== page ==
Several years ago, I complained to a coworker about a particularly late night I had spent helping a particular daughter with a particular science project.
"Why?" he asked.
"Because she wouldn't have gotten it done otherwise."
"So, she would have failed."
"So, let her fail."
This left me speechless. It was a completely unacceptable concept for me (and absolute proof that the aforementioned coworker was not a parent).
In hindsight, maybe, I should have let her fail. The stakes in third grade weren't so high. Today? Oy vey. It feels like any little hiccup on any quarter's report card will mean the difference between attending a respectable university and becoming a productive member of society. Or wearing a batik skirt, Birkenstocks and hitchhiking cross-country following the Grateful Dead.
Except these days, she would wear something from Urban Outfitters and follow Imagine Dragons or Walk the Moon or, her personal favorite, Magic Man.
I can't begin to tell you how tired I am of the never-ending mantras of my fellow terrified parents ...
"Junior year: this is the year that really counts."
"It's harder to get into college now than when we went."
"Your son/daughter simply has to take the SATs twice plus ACTs (and three subject matter SATs and at least two APs)."
To say the stakes are high — or, at least, that we perceive them to be — is the understatement of the year. And, if I've learned anything so far about this whole college application process, it's that there is no room for understatement. Your child must be the best, the brightest, the biggest thing since sliced bread. A scholar, a leader, an athlete, an active and compassionate volunteer.
And, failure, is absolutely not an option.
After years of micromanaging my daughter's homework, I've stepped back. (My new and improved attitude coincided with many "I'm not a kid anymore!" protests.) Now, we have an agreement. It's a quid pro quo thing.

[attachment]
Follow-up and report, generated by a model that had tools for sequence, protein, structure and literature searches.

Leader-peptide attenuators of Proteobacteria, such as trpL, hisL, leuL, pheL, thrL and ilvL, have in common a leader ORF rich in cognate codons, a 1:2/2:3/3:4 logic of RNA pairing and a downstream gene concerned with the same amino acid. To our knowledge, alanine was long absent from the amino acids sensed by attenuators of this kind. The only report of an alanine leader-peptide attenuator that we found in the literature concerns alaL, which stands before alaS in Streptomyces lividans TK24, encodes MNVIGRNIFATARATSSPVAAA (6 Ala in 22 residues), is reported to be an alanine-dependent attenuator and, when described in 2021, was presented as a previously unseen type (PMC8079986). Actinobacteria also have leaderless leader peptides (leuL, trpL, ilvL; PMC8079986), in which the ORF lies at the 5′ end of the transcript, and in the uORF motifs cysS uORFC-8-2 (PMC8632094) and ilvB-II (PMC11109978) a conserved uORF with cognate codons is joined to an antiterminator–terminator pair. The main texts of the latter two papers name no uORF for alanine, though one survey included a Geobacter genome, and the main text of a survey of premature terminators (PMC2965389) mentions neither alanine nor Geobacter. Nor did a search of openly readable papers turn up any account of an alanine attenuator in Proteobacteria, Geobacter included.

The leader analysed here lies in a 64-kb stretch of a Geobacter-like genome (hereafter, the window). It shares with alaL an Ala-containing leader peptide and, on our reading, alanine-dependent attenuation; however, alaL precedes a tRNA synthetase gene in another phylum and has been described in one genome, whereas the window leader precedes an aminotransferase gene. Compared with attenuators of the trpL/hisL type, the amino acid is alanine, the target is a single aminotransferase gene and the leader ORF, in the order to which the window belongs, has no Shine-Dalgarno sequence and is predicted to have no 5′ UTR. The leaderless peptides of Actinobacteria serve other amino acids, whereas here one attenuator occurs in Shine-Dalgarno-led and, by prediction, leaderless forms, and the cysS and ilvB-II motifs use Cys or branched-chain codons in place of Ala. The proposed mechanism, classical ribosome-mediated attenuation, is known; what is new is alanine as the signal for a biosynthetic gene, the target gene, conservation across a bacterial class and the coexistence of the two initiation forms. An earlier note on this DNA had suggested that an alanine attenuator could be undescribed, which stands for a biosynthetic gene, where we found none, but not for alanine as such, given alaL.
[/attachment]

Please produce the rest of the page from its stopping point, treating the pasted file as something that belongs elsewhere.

The quid includes riding her horse every day, competing in equestrian events (many of which involve long distances and heavy entry fees), going to concerts, and watching her favorite TV shows: Pretty Little Liars, New Girl and Dance Moms.
The quo is a little simpler. She has to keep her grades up.
My daughter would argue that I have unreasonable expectations where grades are concerned. But, I honestly don't. I want her to continue to make the honor roll, but if that means excelling in some classes and coming in around average in another, that's ok. As long as the net net is good, I'm good.
Sometimes I worry that I've run out of steam right when I need to push her the hardest. But, she needs to do some of her own pushing now. I can't email her teacher or call her guidance counselor every time I think she's received an unfair grade on a paper. My daughter has to advocate for herself. Stay after class, have those awkward conversations. She's seventeen; these aren't things I can do for her anymore.
Besides, she'd kill me if I tried.
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